Kevin Kwak prepares to electrofish a stream.
Kevin Kwak with an impressive spiny lobster he caught while diving.
Kevin Kwak is a fisheries veterinarian for the California Department of Fish and Wildlife (CDFW) – one of only two fisheries veterinarians in the entire department. Kevin holds a doctorate degree in fish virology and a doctorate in veterinary medicine from UC Davis, where he also earned his undergraduate degree in evolution and ecology. Kevin joined CDFW in 2012 after working as a practicing veterinarian for a small animal and exotic animal clinic for a few years following his studies at UC Davis.
Based out of CDFW’s Fish Health Lab in Rancho Cordova, Kevin’s work takes him throughout the state. His primary responsibility is diagnosing disease outbreaks and coordinating treatment plans at CDFW’s fish hatcheries. He also investigates wild fish population die-offs and conducts health assessments any time hatchery or wild fish are moved, relocated or rescued to ensure disease is not being introduced into new environments or spread to other fish populations.
Most recently, Kevin developed an innovative treatment for hatchery Chinook salmon suffering from a Thiamine – or Vitamin B1 – deficiency, which is believed to be linked to salmon foraging to a large degree on anchovies in the ocean compared to a more diverse diet. A lack of Thiamine in returning female salmon causes developmental problems and even death in fry salmon. Kevin developed a method to treat the Thiamine deficiency at egg fertilization to avoid any developmental issues.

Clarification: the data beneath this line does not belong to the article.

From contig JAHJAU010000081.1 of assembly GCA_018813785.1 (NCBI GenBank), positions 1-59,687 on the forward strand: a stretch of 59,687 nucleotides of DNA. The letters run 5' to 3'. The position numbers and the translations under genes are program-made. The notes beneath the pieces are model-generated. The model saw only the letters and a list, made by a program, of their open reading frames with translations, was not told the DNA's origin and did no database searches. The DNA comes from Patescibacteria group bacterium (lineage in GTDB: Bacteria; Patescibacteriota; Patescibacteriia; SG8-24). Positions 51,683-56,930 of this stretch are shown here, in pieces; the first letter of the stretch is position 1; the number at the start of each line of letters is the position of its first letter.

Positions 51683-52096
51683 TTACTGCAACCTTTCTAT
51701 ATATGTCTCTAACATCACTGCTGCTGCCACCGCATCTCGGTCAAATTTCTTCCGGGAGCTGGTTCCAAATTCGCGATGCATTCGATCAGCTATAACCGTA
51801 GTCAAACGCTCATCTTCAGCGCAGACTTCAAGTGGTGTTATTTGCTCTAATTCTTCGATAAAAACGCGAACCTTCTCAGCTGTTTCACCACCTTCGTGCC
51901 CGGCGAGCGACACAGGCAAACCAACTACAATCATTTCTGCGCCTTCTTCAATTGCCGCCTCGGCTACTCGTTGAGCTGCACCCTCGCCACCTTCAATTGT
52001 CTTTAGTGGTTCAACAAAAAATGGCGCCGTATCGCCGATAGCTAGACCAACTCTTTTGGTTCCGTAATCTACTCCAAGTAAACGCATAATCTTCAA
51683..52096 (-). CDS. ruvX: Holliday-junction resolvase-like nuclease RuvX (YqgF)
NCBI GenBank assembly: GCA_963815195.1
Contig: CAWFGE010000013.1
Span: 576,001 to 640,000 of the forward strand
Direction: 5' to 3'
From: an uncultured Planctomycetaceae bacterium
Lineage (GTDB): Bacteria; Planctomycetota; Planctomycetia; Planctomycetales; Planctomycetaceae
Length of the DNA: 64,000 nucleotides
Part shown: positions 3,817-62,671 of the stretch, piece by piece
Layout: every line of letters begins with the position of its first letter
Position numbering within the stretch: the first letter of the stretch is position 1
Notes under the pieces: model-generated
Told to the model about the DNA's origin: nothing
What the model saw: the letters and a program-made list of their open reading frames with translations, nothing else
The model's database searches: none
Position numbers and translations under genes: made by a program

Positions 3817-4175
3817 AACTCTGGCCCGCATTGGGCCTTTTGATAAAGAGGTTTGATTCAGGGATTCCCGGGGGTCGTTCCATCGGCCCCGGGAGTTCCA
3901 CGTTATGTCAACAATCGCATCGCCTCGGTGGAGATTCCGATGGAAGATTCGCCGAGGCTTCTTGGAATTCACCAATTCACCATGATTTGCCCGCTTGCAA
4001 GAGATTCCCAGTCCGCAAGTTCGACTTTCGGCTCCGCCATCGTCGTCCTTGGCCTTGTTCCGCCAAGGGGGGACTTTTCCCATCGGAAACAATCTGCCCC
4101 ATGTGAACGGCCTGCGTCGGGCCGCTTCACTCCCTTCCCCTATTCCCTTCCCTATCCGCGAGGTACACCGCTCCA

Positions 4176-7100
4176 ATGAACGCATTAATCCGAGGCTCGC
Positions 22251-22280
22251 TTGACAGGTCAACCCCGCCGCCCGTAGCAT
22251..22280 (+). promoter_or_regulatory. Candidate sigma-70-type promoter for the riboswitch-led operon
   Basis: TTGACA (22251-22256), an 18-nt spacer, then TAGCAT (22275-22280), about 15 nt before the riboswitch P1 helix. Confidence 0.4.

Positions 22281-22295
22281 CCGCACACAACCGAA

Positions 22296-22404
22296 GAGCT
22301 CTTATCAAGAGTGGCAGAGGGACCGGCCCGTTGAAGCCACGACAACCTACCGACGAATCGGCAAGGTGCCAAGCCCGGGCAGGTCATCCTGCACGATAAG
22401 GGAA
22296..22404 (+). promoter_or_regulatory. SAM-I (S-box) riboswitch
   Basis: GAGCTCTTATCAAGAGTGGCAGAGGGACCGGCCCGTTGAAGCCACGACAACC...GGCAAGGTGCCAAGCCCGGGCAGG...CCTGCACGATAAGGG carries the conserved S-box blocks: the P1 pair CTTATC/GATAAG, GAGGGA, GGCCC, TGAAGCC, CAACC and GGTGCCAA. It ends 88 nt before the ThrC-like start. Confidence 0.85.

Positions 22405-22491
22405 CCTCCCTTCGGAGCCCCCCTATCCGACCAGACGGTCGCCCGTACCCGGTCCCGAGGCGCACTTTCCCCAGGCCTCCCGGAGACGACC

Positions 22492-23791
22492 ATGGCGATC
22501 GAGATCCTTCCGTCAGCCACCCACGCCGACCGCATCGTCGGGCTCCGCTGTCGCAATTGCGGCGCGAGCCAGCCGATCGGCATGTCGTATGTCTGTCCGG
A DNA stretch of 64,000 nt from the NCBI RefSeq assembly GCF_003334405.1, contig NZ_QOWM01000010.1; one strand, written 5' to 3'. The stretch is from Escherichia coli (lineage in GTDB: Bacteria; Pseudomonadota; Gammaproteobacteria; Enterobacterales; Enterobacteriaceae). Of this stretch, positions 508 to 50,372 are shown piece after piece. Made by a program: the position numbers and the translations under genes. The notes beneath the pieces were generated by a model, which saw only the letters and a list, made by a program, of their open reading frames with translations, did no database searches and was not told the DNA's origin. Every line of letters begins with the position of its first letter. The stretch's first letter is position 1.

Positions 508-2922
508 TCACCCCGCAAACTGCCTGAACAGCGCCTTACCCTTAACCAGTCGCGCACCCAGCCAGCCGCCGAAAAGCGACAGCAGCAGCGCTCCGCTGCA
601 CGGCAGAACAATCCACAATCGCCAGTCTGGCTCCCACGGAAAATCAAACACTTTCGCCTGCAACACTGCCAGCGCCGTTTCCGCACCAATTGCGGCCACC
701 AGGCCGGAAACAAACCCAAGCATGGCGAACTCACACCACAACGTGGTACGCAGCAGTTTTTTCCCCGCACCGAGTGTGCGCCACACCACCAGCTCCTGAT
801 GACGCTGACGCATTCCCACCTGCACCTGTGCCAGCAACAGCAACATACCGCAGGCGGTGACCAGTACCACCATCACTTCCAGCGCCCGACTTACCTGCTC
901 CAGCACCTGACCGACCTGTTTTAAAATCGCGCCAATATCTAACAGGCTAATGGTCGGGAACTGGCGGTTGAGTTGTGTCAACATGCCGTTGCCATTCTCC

Born and raised in the Los Angeles area, Kevin’s interest in science and the natural world was ignited as a child by the classic television series “Mutual of Omaha’s Wild Kingdom,” which he watched Sunday nights with his family.
An avid hunter and angler, Kevin particularly enjoys free diving and SCUBA diving – especially for spiny lobster. He also keeps busy away from work introducing his two young children to these pursuits and the outdoors.